Optus Stadium sets new benchmark for disability access
Optus Stadium will set a new standard for disability access at Western Australian sport venues, ensuring the entire community can enjoy a five-star experience when visiting the venue and Stadium Park.
The world-class venue incorporates a range of access and inclusion features, which far exceed the requirements set out in the 2013 National Construction Code. These include:
- 60 purpose-built permanent ACROD bays within the stadium and Stadium Park. This is eight times the number of bays required under the 2013 National Construction Code for event days. There will also be a drop-off area located adjacent to the Perth Stadium Bus Station at the southern end of Stadium Park for eligible ACROD holders
- 28 per cent more wheelchair positions than required in the 2013 National Construction Code, located across all levels of the stadium and available across all price points from general admission to premium product. The positions contain cup holders and incorporate flexible seats for carers and guests, accommodating groups of all sizes
- An additional 327 enhanced amenity seats for people who have mobility requirements that are not in wheelchairs, which is not a requirement of the 2013 National Construction Code
- Three Changing Places toilets for users requiring specialised assistance have been installed across the venue – two within the stadium and one currently under construction in The Camfield function centre. Optus Stadium will be the first stadium in Australia to have more than one Changing Places toilet available to patrons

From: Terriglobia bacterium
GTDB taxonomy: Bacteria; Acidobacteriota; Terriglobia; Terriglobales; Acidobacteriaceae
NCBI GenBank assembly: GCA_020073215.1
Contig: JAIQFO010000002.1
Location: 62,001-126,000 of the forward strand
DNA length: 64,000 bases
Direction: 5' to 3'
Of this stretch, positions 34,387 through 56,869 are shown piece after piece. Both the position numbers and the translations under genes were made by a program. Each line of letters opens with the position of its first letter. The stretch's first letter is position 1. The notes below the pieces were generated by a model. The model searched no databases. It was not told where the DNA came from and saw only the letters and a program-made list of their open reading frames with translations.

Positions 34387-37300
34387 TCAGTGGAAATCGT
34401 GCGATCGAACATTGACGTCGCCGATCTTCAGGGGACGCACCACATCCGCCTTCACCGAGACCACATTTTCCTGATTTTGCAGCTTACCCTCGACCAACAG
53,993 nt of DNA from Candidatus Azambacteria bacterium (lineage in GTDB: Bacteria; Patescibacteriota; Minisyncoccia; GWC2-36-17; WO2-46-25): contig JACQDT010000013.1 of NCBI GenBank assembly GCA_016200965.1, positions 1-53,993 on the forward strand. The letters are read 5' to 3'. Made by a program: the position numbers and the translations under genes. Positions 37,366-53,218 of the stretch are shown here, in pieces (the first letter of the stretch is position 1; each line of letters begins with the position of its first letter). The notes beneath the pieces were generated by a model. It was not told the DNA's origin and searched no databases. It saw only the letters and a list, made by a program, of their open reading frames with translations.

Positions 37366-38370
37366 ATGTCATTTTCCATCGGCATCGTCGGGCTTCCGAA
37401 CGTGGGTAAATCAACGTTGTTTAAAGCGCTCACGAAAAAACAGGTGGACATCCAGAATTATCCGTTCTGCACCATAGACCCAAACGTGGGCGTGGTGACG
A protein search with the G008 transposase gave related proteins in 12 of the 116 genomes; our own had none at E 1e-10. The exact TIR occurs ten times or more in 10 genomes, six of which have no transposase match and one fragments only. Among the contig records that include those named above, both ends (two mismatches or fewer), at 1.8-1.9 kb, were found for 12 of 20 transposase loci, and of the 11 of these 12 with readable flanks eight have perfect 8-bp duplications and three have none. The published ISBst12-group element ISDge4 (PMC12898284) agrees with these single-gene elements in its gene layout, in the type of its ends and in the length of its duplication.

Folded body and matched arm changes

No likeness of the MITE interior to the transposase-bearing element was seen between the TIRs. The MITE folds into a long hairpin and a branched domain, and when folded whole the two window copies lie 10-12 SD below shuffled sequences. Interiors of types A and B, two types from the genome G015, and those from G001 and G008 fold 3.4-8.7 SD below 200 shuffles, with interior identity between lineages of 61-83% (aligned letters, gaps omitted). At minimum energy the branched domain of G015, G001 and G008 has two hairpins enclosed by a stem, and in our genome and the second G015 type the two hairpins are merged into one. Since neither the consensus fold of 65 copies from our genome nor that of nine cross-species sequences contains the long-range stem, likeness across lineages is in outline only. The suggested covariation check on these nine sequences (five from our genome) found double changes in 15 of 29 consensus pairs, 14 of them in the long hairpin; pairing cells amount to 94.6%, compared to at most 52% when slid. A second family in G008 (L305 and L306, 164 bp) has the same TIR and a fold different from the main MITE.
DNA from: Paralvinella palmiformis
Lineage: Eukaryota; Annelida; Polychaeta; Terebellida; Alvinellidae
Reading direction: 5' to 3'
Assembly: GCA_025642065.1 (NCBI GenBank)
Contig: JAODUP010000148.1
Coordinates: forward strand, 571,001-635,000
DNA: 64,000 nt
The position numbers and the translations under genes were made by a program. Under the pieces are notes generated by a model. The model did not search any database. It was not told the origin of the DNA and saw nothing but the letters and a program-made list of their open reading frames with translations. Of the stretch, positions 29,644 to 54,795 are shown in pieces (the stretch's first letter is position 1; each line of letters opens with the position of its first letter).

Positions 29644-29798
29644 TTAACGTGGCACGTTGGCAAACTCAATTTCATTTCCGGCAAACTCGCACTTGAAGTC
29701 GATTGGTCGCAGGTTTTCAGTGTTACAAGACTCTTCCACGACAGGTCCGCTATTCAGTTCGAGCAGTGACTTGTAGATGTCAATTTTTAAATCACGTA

- 60 universal access toilets within the venue, with 16 in the general admission area having electronic push button access. There is also an ambulatory accessible toilet in each toilet block to provide greater flexibility for patrons
- A total of 12 lifts will be available within the stadium, all with fully redundant power so they continue to operate in the event of a power outage or emergency
The inclusion of these features into the stadium and precinct has been influenced by the Stadium Project Team’s consultation with the Access and Inclusion User Group, which was established in 2012. The group includes representatives from a range of organisations within the disability sector and has informed the stadium’s design specifications and provided advice throughout the design development phase.
Allocation of parking bays and drop-off passes is managed by stadium operator, VenuesLive. ACROD permit holders can apply for a parking bay up to three weeks before an event at http://www.optusstadium.com.au/acrod or by calling 1300 297 588. Those unable to secure an ACROD parking bay will be able to apply for a drop-off pass.
Sport and Recreation Minister, Mick Murray, said:
Optus Stadium is truly a venue for all Western Australians. The attention and hard work that has gone into the disability access features really is one of the most special things about this venue. The number of ACROD bays available at Optus Stadium surpasses construction code requirements eight times over for event days – and far exceeds what is typically seen at sports stadiums in Australia.
Importantly, those who cannot catch public transport because of a disability will have the opportunity to apply for a parking bay or a drop-off pass. It is a truly inclusive venue in that sense. This is a special step for disability inclusion and access in this State – where we have succeeded in not just meeting the requirements, but exceeding them.
Following several months of test events, stadium operator VenuesLive has received constructive feedback concerning accessibility and will be refining operations and engaging with Access and Inclusion User Group members on an ongoing basis. I would like to thank the members of the Access and Inclusion User Group for their outstanding commitment and enthusiasm to the project since the group was established in 2012.
Image, courtesy: Optus Stadium